As the January introduction of Intel's (INTC) MMX Pentium processor looms, the first few public appearances of the new technology have made it clear that for most users the technology?s impact initially will be muted and will be of more value to gaming and entertainment than to the business market.
This was painfully clear to Intel last week at Comdex in Las Vegas, Nevada. There was an ominous dearth of business application such as videoconferencing or high-speed communications that made use of the MMX functions on display at the conference.
MMX will be implemented in an upcoming version of the Pentium processor that will come with the basic multimedia processing capabilities built in. For entry-level PCs, these built-in multimedia functions should eliminate the need for high-end, expensive add-on graphics cards and some communications components. On more expensive PCs, MMX is expected to enhance performance of multimedia hardware.
For users to get any bang out of their MMX buck, they will have to use software written to support the technology. However, in one of the most critical application areas, business software, little software has been written to take advantage of MMX.
PC games are where developers and Intel have been show-boating MMX?s capabilities for the most part. In fact, the most impressive array of MMX demonstrations did not take place at Comdex, rather they took place earlier this year at Intermedia World where games developers were showing off their MMX-aware games.
"If you liked Intermedia World, then you?ll like what you see at the [MMX] roll-out," said one source familiar with the January 8 MMX Pentium introduction.
"[MMX] seems to be more entertainment-oriented. It isn't really addressing productivity applications or client-server applications," said Tom Reinlander, an analyst at market research firm Forrester Research.
It may be just as well if business users aren't actively looking forward to the arrival of MMX; analysts say the performance improvements promised by the new chip may be relatively disappointing.
"What worries me is a mismatch between expectations and the actual performance improvement," said Nathan Brookwood, an analyst at market research firm Dataquest.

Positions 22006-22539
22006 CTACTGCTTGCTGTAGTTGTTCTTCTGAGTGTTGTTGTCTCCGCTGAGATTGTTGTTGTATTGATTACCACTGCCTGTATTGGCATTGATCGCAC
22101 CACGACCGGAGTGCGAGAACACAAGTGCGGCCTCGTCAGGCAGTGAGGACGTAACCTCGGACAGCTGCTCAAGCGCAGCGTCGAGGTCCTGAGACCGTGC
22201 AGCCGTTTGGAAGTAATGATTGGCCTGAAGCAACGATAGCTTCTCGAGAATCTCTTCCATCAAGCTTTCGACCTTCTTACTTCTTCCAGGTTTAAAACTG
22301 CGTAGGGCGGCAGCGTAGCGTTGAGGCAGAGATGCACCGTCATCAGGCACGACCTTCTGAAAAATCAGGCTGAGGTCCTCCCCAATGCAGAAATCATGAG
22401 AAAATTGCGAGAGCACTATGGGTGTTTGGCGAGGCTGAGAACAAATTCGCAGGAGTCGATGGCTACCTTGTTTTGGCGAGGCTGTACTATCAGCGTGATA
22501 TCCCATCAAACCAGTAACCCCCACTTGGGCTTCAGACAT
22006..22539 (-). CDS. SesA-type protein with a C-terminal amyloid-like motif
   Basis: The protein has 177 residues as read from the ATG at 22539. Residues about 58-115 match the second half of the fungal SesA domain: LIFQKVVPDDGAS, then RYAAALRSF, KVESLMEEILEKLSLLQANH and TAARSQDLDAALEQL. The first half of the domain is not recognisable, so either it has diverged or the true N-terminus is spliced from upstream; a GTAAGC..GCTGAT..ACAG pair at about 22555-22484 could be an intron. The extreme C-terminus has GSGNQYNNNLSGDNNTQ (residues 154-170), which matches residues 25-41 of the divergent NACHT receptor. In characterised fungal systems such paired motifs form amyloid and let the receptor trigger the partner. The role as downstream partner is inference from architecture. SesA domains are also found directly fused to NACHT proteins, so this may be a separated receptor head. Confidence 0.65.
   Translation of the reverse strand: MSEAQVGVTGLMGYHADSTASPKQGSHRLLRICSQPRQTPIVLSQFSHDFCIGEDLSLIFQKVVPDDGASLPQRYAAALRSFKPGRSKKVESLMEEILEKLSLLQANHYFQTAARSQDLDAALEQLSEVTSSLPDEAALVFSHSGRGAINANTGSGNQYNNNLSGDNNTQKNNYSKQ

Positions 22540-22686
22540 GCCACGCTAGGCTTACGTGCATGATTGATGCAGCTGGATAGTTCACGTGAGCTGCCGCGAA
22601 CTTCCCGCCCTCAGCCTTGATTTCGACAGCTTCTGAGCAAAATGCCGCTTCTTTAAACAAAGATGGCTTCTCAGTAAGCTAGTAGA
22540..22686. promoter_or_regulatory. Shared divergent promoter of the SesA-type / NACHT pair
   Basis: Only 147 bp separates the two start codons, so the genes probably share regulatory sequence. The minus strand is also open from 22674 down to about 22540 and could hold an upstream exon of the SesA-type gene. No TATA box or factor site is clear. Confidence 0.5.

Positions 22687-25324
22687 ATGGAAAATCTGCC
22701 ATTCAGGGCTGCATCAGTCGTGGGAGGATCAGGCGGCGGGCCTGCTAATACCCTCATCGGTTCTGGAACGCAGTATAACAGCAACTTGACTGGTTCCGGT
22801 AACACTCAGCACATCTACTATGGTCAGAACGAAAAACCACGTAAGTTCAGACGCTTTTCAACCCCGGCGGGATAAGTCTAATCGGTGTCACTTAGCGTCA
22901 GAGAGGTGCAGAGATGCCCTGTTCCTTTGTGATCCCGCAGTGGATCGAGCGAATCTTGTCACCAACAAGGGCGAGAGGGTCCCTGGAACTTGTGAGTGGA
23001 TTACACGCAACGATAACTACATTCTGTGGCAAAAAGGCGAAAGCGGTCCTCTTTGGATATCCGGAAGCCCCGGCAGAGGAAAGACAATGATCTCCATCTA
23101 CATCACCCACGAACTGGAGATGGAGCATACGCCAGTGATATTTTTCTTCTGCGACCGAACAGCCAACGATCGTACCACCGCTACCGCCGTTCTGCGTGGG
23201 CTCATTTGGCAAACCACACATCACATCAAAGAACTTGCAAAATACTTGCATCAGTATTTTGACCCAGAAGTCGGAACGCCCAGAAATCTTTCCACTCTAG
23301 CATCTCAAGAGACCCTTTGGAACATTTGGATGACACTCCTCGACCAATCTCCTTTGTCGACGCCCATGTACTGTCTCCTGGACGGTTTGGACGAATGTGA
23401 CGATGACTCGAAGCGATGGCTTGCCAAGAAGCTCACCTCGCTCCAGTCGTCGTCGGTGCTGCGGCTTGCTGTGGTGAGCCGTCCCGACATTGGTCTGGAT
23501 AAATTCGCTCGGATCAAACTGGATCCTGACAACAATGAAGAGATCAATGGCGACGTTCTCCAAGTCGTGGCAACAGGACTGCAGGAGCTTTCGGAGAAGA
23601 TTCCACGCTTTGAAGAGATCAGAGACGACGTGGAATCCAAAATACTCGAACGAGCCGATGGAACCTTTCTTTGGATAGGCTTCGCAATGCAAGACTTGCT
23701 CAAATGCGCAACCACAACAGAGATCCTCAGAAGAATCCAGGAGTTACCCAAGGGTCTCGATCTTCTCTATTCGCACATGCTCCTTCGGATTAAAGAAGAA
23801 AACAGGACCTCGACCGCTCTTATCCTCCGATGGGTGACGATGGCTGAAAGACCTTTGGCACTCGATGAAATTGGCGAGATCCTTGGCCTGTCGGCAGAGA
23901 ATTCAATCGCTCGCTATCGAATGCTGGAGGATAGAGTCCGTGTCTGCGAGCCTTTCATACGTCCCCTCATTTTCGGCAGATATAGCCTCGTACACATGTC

Pentium MMX processors are expected to offer an overall performance boost of between 10 and 20 percent because of a larger cache and other performance tweaks; this will apply to any kind of processing, not just multimedia. For certain multimedia and communications applications written specifically to exploit the MMX functions, however, performance will jump between 50 and 400 percent, according to an Intel MMX paper.
But some analysts aren?t so sure about how representative the latter application numbers are overall. "I'm not sure where they got these [high] numbers. I have to wonder about this a little," said Brookwood.
There are other areas where MMX may come up short as well. 3D, once touted as a major beneficiary of MMX, will not see the performance improvements that were initially expected: "3D rendering does not benefit dramatically from MMX," said Bill Miller, an Intel spokesman. He added, however, that applications that take advantage of Microsoft's MMX-optimized Direct 3D will see some improvements.
Moreover, running software that relies on the MPEG-2 compression technology will fall short on the MMX-enabled Pentium. MPEG-2 video is an often-cited benchmark of an Intel processor's ability to handle full-motion video without high-end add-in cards.
Full-screen, 30-frames-per-second MPEG-2 software will have to wait until the delivery of the higher-performing, next-generation MMX-enabled P6 processor, now due in the second quarter of next year.
This point was amply demonstrated at Comdex. Intel president and CEO Andy Grove gave one of the most (in fact, one of the only) impressive MMX demonstrations at the fall trade show. During his keynote, he showed a full-screen, 30-frames-per-second video demo with surround-sound audio. But the demo was made possible by using a next-generation MMX-enabled P6 processor, not an MMX Pentium.
Lastly, Intel admits that there could be problems with applications that are supposed to exploit MMX but are not written properly. For example, problems could potentially crop up when programs switch too frequently between floating point operations and MMX operations. "If all you did in your app is change states [between floating point and MMX], you would take a performance hit," said Intel's Miller. He hastened to add that he doesn't think this isn't likely. "Developers will be smart about optimizing their applications for MMX."
None of this means that MMX will be a flop, however. Intel itself is promoting MMX as linchpin for future technologies, sort of a necessary investment that may have delayed results. The only question is how long users will have to wait for those results.
"If you build it, they will come," said Dataquest's Brookwood. Like Intel, he expects that more and more developers will eventually flock to MMX, including business application developers.
"Intel did have business applications in mind when it developed this, but the consumer market has always led business," said Jeff Tarter, editor of Soft Letter, an industry newsletter published in Watertown, Massachusetts.
It is also clear that the chip maker won't give up until the business market steps in line with its plans. "Intel changed strategy to include developers. MMX represents the first time Intel has gone out in force to evangelize software developers to use the chip in all kinds of applications.
"Intel always had a coterie of developers, but it was a very, very private club. Now they are out there all over the place," said Tarter.